The Department of Human Services says it is working on a centralized application and waiting list process that should be ready next year.

Legislators are asking the Department of Human Services to strengthen compliance with federal regulations

There was a particular back-and-forth during the Oct. 19 Government Operations and Audit Committee meeting that worried some lawmakers.

“Are we violating any federal or state law or rule with the existence of the waiting list as it is now?” Senator Reynold Nesiba asked Jaze Sollars, who is serving as the service coordinator for the family support program.

“We’re not currently (in injury),” she said. “However, the moment (the waiting list) becomes a government-run list, if we were up to date, we would be.”

Reynold Nesiba
Sen. Reynold Nesiba, D-Sioux Falls, is a member of the two committees that recently heard public comment about Family Support 360’s shortcomings.

Hunter Dunteman

The complexity of the answer essentially depends on the decentralized waiting list; Technically, the department is not “aware” of the long wait times for families applying to the program, as these lists are maintained by individual providers. Nesiba could hardly believe this answer.

“Aren’t we aware now? I think this meeting is a public hearing, I think we all know the list,” Nesiba said.

Concerns that the program’s waitlist and hour limit violate federal regulations stem from a 2014 letter from the Justice Departments and the Department of Health and Human Services, which recalled that “no qualified person with a disability as a result of such a disability from which Participation in, or denial of benefits of, the services, programs, or activities of any public entity.”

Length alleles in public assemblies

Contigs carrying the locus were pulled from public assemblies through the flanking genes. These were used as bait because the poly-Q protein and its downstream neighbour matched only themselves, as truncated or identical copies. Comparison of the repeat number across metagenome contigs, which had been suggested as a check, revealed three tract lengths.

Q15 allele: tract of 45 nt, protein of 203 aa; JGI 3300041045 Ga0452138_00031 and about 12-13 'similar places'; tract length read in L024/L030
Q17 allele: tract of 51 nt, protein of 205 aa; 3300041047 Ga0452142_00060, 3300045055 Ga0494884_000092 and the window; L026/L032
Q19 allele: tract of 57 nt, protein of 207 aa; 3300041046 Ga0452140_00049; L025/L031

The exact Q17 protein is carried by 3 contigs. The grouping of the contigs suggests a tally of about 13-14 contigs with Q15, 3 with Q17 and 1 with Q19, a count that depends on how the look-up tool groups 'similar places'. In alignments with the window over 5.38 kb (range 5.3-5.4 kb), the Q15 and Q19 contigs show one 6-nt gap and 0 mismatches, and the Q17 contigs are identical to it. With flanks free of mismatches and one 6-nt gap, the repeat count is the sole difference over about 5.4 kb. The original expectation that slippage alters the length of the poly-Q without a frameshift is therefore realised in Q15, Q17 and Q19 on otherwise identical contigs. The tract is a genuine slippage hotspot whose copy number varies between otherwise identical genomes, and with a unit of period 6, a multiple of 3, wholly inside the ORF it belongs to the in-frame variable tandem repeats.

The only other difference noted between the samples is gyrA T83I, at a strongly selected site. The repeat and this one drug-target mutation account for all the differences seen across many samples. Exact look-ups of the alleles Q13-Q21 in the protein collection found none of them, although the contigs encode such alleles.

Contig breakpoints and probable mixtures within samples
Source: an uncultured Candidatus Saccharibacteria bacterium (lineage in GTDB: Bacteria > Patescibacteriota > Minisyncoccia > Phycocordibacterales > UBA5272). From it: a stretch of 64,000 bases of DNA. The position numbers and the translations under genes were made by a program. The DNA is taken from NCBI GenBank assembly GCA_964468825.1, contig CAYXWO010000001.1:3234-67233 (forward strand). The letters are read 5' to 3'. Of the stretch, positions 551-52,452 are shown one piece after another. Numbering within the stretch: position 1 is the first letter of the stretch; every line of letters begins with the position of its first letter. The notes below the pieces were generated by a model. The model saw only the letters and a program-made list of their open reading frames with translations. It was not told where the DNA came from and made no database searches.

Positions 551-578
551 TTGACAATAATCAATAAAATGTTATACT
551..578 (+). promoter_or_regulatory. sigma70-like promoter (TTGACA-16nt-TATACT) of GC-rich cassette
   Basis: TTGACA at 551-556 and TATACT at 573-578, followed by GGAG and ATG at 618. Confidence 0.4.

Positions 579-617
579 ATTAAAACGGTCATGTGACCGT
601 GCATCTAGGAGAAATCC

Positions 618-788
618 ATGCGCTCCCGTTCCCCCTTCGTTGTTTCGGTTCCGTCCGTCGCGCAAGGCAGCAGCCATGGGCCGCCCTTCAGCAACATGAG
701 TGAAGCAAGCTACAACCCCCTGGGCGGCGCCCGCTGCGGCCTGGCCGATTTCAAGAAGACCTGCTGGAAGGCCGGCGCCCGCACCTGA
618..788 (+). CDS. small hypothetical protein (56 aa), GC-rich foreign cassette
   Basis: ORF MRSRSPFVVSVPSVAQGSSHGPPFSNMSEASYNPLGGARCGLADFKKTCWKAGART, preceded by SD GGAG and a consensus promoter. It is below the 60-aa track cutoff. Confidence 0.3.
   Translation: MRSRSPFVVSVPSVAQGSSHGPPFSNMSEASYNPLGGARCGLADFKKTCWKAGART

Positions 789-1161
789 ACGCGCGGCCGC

The wording is taken directly from the Americans with Disabilities Act.

The letter goes on to say: “Introducing caps across the board risks violating the ADA if the caps do not address the needs of persons with disabilities and consequently exposes them to serious risk of institutionalization or segregation.” .”

This could be read as requiring a waiver of the weekly hourly limit for companion care where waiver of that care would require a disabled person to enter a more restrictive environment.

With regard to the waiting list, the state administrative regulations also stipulate that in the case of department-managed waiting lists, the department places higher-priority people on the waiting list.

A series of recommendations from the Government Operations and Audit Committee directed the state Department of Human Services to make “reasonable changes” to ensure disabled people are cared for in the “least restrictive environment”, which often means at home.

Although the department continued to claim that it “has no reason to believe” there is a compliance issue at the Nov. 11 budget appropriations meeting, the potential reality of disabled people going without services in the state should be a key issue going forward his working group.

“The state must take steps to ensure that we comply with federal laws, that we meet the needs of South Dakota’s families, and that we work collaboratively with our providers,” Nesiba told Forum News Service.

Jason harward is a

Report for America

Corps reporter who writes about state politics in South Dakota. Contact him at